I would use a three point truss or collar tie. If you extend the beam as I am imagining, you will still have some movement.

The cantilever appears to be equal to the back span, this is generally not a good idea as you double the post load and cause uplift on the far connection.

You can either tie the structure to the house for gravity support or place posts. The brick is a veneer and as such should really not be used for structural support. Either way, you need to either tie into the lateral support of the house or design the posts to cantilever and carry the lateral load.

There are two things you need to deal with besides gravity and uplift: local stability and overall stability. Local stability is the gable roof framing and placing a collar tie or framing to a ridge girder relives this. Overall stability is the entire structure under a lateral load (likely wind in your case) having a path for this load. If that path is the house, then the roof diaphragm is a cantiler off the house. If it is the posts, then your diaphragm distributes the load to each post based on its tributary area as wooden diaphragms are flexible.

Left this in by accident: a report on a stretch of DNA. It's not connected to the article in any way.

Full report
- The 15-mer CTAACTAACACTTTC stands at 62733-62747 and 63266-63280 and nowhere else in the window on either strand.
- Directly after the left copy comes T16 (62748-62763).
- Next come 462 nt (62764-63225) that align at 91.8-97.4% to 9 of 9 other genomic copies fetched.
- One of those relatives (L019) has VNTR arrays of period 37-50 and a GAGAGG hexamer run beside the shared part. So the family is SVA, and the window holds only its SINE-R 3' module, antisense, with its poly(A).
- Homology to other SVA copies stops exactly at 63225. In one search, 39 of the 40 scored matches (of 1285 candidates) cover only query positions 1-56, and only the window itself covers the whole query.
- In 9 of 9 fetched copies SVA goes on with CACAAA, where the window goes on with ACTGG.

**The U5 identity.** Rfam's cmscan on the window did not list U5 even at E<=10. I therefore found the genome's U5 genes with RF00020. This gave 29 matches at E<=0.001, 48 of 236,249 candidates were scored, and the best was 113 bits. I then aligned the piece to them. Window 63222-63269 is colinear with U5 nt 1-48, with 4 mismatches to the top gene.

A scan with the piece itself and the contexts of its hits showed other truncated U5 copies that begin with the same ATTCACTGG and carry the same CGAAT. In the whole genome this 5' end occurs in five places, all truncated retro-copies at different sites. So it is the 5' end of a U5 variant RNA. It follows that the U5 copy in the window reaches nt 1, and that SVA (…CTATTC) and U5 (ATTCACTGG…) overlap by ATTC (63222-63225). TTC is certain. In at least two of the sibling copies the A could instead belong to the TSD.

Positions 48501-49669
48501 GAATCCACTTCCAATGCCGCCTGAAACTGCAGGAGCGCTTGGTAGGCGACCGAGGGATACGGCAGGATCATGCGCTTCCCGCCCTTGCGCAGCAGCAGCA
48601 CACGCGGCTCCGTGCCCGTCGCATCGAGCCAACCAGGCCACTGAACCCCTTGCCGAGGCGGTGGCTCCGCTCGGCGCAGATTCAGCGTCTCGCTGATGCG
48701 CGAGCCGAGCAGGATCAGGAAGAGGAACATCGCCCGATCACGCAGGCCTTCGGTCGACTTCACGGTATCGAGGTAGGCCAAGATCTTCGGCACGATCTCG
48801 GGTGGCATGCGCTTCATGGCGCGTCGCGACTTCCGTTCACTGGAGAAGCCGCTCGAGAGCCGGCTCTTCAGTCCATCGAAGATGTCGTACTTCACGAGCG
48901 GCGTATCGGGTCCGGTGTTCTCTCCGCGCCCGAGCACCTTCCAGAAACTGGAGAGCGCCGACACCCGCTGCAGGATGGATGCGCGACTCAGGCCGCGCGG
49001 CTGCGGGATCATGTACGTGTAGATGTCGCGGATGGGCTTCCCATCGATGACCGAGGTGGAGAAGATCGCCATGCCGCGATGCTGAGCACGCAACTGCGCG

Probably more info than you wanted.

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Cosmicsniper

2199 posts in 1878 days


#2 posted 03-08-2013 02:46 PM

Actually, Paul, that was exactly the type of information I wanted. Very much appreciated!

-- jay, www.allaboutastro.com

View MrRon's profile

MrRon

2928 posts in 1963 days


#3 posted 03-13-2013 04:33 PM